Can you tell us about sustainability initiatives at Contractbook?

This is something that is super close to our hearts. Our previous mantra: ‘killing the printer’ went very much in hand with reducing paper usage. Having worked in a law firm before, I think we used almost a pallet of paper every second day because everyone prints everything, and this is not sustainable.

You can always discuss what is going to make the greatest impact on the universe like stopping flying, or stopping paper usage, or using electric cars. But I would assume that no matter how you feel about these things, our opinion is that even if it makes a small impact, do it. A lot of small impacts will have a huge impact at some point. And we want to push that agenda quite a lot. We also plant a tree for every contract signature.

It’s a big part of our culture to be mindful about this and also people. When we hire, do not care about grades or CVs. We care about you as a person. If you have the tenacity and grit that we want to see in the people that work for us, then I am sure you can learn whatever you are required to do and you will do it well. This is not about sustainability, but it connects to what we want to be.

Is social justice a part of the Contractbook ethos?

We also have access to justice features. That is why we have free contracts that may be accessed by small businesses. These contracts are not the best, but they are better than starting from zero. Our contracts provide a nice starting point.

Great, can we speak a little bit about your upcoming projects with qLegal and the CCLS [Centre for Commercial Law Studies] at Queen Mary?

Working with CCLS is very exciting. Legal tech, and how this affects businesses has always been at the heart of Contractbook. There was a shared vision of trying to make the law more approachable in the general sense. I think for a lot of people, the law is something that is seen as cumbersome, very tedious, very difficult to understand if you are not a lawyer. But it does not have to be that way. We want to position ourselves between the business and the lawyer, to support both perspectives.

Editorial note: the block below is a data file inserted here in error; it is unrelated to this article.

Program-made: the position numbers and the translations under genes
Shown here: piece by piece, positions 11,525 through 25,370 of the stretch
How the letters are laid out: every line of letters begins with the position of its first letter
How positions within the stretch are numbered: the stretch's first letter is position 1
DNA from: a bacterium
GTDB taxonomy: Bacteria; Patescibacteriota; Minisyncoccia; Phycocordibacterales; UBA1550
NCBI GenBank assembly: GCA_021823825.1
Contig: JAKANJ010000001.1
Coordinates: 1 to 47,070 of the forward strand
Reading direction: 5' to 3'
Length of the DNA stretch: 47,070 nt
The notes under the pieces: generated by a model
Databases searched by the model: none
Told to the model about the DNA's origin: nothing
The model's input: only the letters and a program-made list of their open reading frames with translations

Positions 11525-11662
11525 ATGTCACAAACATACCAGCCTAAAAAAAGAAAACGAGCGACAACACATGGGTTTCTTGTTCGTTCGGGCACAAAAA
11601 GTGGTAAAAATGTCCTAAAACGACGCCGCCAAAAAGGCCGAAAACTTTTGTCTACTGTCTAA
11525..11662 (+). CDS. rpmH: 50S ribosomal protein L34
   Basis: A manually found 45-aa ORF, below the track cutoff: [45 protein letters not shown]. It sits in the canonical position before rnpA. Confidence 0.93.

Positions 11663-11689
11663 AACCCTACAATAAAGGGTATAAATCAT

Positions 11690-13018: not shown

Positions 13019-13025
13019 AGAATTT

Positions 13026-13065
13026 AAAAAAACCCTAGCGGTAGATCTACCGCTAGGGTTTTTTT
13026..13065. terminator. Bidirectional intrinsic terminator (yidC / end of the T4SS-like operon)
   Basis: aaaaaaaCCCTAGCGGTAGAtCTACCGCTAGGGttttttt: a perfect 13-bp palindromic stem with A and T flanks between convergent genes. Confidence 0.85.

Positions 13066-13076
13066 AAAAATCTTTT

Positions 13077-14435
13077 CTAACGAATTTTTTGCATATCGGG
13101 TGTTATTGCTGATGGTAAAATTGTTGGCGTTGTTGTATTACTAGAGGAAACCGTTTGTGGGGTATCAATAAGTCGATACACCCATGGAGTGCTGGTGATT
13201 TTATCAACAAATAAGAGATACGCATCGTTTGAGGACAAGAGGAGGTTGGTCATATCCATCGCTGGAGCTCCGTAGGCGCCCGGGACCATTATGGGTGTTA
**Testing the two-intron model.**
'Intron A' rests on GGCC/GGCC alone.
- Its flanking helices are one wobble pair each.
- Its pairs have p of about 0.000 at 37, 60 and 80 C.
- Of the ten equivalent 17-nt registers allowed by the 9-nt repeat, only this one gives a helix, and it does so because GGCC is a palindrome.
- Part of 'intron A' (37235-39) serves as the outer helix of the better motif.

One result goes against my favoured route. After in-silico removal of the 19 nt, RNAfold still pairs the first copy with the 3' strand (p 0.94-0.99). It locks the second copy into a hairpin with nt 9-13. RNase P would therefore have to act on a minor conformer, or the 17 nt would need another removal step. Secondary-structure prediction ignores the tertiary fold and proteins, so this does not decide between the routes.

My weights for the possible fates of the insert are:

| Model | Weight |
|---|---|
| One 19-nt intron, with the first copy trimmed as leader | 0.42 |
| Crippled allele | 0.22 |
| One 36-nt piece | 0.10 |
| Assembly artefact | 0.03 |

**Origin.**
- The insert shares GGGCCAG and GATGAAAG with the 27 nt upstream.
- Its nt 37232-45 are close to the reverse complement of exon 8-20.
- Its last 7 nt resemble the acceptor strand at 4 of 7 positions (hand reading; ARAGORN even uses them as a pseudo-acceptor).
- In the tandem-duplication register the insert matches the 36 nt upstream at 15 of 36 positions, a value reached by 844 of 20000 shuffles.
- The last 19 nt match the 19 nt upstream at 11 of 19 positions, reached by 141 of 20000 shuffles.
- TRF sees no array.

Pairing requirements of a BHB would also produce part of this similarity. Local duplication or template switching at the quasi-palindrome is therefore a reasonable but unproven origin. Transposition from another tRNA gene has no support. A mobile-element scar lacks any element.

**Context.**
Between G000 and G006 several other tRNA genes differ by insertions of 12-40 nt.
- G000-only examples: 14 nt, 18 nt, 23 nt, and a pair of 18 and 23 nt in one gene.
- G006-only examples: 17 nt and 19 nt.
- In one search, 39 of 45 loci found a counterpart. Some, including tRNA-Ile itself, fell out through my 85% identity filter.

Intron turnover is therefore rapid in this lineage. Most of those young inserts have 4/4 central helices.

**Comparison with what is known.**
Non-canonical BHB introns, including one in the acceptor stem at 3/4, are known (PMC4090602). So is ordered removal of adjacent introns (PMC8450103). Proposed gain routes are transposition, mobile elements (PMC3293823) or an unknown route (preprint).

I think what will go on with Queen Mary is about how to prepare lawyers. I do not believe that a lawyer should be a software developer or should be a technical person in any way. I don’t believe that is where a lawyer will provide value at all. I believe lawyers should be lawyers and know the law. They should know how to interpret it, how to advise businesses and others on legal issues and how to mitigate legal issues before they happen. But also, I believe lawyers should have sort of a basic understanding of what is possible for businesses. How can you use technology to solve some of your legal issues where you never intended to involve a lawyer because it is expensive? You could use Contractbook, or any other solution, to solve these issues and then you will have a legal foundation in your business which is 80% better than zero percent. I want to be part of an agenda that pushes a basic understanding of those very practical business things.

Also, we often talk about legal design. But what does legal design mean under the GDPR? The regulations do not provide a satisfactory definition. Yet regulation does not run a business, technology does not run the business. Businesses solve problems in the world, such as selling milk because people want to buy milk, to connecting systems because you want to keep your data in control. There is a lot of stuff there that is very interesting to go in and to be quite honest, law schools are lagging in. We are doing things like we did 20 years ago, and still not pushing the agenda properly. What I like about qLegal and Queen Mary is that they are trying to push this agenda as part of their education.

This article was written by Mary Rinebold and Deus Mugabe who are participating in qLegal as part of their Law Masters studies at Queen Mary, University of London.

qLegal provides pro bono legal advice to start-ups and entrepreneurs on intellectual property, data protection, corporate and commercial law. See the qLegal website for more details and to book your appointment now. Follow us on Twitter and LinkedIn for regular updates on issues relevant to your business.



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qLegal — Law clinic for entrepreneurs

qLegal — Law clinic for entrepreneurs

We provide free legal advice and resources to tech start-ups & entrepreneurs in the UK, at Queen Mary University of London. @qLegal_ on Twitter and Instagram!